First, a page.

(Dec. 6, 2022) — The loss of Chad Boseman in 2020 left a huge hole – not just with those close to him, but throughout the entire film industry.
The biggest hole to fill was his role as King T’Challa, the Black Panther, in the Marvel Cinematic Universe (MCU). The creators were faced with a difficult task on how to proceed with the sequel. Boseman would be proud of the results. “Black Panther: Wakanda Forever” is a fantastic addition to his legacy.
In 2018, “Black Panther” became a phenomenon; it sits at No. 6 in all-time box office. Boseman then made several memorable appearances as Black Panther in other MCU movies. When it came time to make “Black Panther 2,” no one knew Boseman was slowly losing his battle to colon cancer.
Director Ryan Coogler felt he owed it to Boseman to imbue the sequel with the essence of the Black Panther. Characters outright mourn his loss and continually feel his presence throughout the movie. Nowhere is this displayed better than with Black Panther’s sister, Shuri (Letitia Wright). She agonizes over whether she could have saved her brother. Defying the orders of her Queen Mother (a feisty Angela Bassett), Shuri embarks on a rescue mission for a teenage wunderkind.
Making her MCU debut as Ironheart aka Riri Williams, Dominique Thorne provides some needed pop to the film’s blanket of pathos. Her character is not concerned with recent deaths or Wakanda’s problems at large; she just wants to finish her current semester of college and continue to invent new tech. It will be fun to see her paired with other recent teenage introductions to the MCU, such as Ms. Marvel, America Chavez and Kate Bishop’s Hawkeye.
Another character making his long-awaited introduction to the MCU is underwater king Namor (Tenoch Huerta). Debuting in the very first Marvel comic in 1939, Namor hails from the legendary city of Atlantis. DC put Aquaman’s Atlantis onscreen first, so Marvel needed to change Namor’s kingdom to Talokan. He is also given a half-Mayan lineage and his backstory is fleshed out well.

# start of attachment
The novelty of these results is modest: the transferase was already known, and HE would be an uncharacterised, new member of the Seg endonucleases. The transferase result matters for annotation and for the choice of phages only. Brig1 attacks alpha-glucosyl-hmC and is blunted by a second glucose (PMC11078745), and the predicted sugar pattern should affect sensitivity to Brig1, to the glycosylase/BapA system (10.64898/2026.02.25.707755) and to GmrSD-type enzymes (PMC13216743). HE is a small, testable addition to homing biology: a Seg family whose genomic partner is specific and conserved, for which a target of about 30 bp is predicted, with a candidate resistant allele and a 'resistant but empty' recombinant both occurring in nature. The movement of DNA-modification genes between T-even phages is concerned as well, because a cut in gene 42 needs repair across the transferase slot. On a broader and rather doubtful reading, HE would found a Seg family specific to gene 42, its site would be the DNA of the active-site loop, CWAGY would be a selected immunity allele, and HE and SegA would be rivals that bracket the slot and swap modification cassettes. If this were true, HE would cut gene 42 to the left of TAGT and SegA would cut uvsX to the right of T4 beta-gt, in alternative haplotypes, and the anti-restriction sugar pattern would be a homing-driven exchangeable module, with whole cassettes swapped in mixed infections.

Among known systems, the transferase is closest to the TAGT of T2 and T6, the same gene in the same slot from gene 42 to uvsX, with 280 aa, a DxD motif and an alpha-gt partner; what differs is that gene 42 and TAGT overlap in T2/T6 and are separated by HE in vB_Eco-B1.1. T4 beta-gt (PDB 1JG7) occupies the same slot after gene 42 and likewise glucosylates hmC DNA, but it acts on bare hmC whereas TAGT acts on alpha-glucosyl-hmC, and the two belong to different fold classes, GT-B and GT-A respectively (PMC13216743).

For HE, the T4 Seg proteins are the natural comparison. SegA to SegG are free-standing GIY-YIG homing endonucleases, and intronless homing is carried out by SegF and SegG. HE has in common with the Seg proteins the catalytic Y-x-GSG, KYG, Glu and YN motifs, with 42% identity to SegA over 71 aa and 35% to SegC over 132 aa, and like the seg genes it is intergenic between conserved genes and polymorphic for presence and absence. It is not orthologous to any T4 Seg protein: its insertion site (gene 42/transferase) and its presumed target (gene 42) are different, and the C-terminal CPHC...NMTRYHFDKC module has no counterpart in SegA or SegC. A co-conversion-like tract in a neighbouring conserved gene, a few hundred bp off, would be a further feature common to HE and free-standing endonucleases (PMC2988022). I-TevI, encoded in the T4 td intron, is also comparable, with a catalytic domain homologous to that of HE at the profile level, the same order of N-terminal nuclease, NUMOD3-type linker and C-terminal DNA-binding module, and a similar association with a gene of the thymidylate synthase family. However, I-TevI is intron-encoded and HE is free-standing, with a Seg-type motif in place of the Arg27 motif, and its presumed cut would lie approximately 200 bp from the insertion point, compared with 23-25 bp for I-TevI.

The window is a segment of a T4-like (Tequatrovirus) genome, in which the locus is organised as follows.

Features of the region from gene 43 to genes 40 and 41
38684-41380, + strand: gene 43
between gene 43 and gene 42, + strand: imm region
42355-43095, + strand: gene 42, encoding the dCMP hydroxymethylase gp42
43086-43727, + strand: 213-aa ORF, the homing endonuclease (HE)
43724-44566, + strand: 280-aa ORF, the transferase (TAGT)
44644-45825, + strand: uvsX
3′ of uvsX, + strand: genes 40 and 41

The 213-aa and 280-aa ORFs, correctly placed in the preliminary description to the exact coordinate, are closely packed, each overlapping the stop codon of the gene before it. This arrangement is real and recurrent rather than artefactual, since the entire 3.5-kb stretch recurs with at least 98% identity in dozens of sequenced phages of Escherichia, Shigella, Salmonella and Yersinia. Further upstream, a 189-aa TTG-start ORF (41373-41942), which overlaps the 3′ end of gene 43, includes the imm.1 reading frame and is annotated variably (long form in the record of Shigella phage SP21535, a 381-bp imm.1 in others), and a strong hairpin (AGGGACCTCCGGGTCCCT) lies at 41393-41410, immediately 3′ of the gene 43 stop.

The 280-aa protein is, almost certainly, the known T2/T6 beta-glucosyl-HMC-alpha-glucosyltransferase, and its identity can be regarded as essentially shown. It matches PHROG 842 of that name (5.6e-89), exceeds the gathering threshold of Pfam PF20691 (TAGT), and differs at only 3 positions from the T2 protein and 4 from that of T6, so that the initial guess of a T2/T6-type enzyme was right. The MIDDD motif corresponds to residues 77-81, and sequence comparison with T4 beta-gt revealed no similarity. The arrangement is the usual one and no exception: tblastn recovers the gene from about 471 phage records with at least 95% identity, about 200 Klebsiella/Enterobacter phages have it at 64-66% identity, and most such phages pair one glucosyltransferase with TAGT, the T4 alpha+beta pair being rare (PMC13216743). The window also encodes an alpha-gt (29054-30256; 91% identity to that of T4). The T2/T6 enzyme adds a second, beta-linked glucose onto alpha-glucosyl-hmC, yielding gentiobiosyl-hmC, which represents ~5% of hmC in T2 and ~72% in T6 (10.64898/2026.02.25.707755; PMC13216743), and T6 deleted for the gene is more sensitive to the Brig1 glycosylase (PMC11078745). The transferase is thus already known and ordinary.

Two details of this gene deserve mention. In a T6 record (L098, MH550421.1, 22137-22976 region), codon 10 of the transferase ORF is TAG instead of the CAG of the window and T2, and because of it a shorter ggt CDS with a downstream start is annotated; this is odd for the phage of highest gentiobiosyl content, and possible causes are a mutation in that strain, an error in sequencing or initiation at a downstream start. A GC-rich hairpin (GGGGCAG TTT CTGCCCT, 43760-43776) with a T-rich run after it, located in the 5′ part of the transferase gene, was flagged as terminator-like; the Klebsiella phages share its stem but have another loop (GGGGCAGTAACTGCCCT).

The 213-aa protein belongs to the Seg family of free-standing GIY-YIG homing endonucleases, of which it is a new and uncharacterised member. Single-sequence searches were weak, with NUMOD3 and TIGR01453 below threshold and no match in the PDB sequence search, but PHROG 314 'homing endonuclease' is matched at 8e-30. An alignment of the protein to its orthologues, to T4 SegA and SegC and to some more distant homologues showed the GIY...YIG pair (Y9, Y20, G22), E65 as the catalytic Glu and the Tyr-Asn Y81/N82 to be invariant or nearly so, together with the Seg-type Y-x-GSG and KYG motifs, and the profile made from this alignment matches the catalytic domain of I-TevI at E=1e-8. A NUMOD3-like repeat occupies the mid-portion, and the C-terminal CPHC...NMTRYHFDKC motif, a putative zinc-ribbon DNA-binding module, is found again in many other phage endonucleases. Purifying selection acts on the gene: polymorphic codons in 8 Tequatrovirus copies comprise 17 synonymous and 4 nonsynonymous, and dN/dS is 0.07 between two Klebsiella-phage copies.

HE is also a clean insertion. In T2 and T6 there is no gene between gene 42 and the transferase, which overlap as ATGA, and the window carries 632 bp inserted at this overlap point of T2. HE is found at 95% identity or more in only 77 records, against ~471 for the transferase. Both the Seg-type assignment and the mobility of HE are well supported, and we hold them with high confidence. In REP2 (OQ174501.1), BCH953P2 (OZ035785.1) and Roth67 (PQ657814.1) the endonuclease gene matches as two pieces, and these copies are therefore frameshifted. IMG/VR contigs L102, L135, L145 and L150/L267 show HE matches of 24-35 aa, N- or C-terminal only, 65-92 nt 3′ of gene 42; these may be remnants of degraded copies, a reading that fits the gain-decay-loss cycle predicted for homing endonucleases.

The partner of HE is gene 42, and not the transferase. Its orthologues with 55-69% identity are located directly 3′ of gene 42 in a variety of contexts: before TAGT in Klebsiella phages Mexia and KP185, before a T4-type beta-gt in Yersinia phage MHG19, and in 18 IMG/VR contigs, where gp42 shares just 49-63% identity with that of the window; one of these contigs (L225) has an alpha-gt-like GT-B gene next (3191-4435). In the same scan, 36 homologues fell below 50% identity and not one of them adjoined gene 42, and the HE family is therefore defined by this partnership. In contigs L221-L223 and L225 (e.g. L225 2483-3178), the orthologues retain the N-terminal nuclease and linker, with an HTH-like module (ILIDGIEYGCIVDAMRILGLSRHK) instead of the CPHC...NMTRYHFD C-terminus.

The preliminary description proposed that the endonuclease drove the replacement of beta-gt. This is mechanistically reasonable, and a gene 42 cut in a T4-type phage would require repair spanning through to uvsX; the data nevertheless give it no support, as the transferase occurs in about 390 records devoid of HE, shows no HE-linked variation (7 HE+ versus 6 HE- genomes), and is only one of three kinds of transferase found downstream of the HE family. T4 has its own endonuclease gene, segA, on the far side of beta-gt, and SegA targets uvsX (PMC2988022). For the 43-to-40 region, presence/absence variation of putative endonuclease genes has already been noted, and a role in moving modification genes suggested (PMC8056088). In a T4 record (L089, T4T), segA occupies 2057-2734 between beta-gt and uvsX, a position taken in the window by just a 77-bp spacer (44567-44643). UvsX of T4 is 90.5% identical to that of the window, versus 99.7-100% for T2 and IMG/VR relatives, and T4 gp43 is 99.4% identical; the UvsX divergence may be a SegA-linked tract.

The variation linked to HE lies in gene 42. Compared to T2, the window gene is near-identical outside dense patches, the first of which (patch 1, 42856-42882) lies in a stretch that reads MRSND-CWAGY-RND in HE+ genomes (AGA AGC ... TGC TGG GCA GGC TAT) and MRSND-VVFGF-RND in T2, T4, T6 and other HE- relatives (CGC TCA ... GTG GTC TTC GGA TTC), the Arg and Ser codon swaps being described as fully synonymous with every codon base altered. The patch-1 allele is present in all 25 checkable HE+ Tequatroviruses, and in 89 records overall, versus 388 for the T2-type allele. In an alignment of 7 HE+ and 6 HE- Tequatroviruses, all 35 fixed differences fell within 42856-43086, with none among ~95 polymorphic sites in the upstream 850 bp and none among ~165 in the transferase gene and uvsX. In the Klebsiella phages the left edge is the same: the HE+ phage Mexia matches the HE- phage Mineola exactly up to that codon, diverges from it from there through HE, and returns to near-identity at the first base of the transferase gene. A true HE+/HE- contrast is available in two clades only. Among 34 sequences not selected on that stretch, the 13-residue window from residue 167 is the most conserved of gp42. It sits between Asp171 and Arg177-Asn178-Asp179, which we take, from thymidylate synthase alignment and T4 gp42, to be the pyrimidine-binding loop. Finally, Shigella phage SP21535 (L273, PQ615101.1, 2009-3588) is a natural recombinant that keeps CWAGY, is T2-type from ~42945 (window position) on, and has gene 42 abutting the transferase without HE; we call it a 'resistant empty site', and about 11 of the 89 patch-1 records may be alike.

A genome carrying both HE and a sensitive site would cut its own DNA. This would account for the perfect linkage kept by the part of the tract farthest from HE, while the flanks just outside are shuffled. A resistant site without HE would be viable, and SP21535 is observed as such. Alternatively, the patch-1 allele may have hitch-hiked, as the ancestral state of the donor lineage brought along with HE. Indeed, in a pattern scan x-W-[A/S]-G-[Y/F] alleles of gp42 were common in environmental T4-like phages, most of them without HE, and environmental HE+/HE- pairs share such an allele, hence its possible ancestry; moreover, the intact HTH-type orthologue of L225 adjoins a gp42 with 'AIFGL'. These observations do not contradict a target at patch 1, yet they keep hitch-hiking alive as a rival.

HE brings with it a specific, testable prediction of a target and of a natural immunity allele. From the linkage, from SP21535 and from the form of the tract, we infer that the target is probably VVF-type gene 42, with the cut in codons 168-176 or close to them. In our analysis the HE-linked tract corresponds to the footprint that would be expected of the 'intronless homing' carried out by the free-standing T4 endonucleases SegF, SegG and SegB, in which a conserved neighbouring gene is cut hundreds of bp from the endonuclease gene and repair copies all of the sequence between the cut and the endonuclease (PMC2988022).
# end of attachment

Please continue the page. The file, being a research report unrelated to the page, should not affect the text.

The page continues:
Dora Milaje leader Okoye (Danai Gurira) gets a lot more to do this time around; her acting ability is finally able to shine. Circumstances rope Lupita Nyong’o’s Nakia back into the mix. She has been living a life free of the worries that come with being a protector of Wakanda. Her relationship with T’Challa was very close, so it does not take much to bring her back when Wakanda comes calling.
I was not as blown away by the first “Black Panther” film as so many were. There were too many lulls and sidetracks to the main plot. Oakland was well-represented, but not a single frame was filmed in the city. The sequel, by comparison, is much smoother. Its plot threads weave in and out successfully. Coogler stages the action impressively; the fight scenes are quite exciting. While the MCU continues its maddening trend of all post-Thanos villains containing elements of goodness, there is little else not to like. A-
Jeff Mellinger is a screen writer and film buff. He holds a BA in Film Studies and an MFA in film production. He lives in Concord.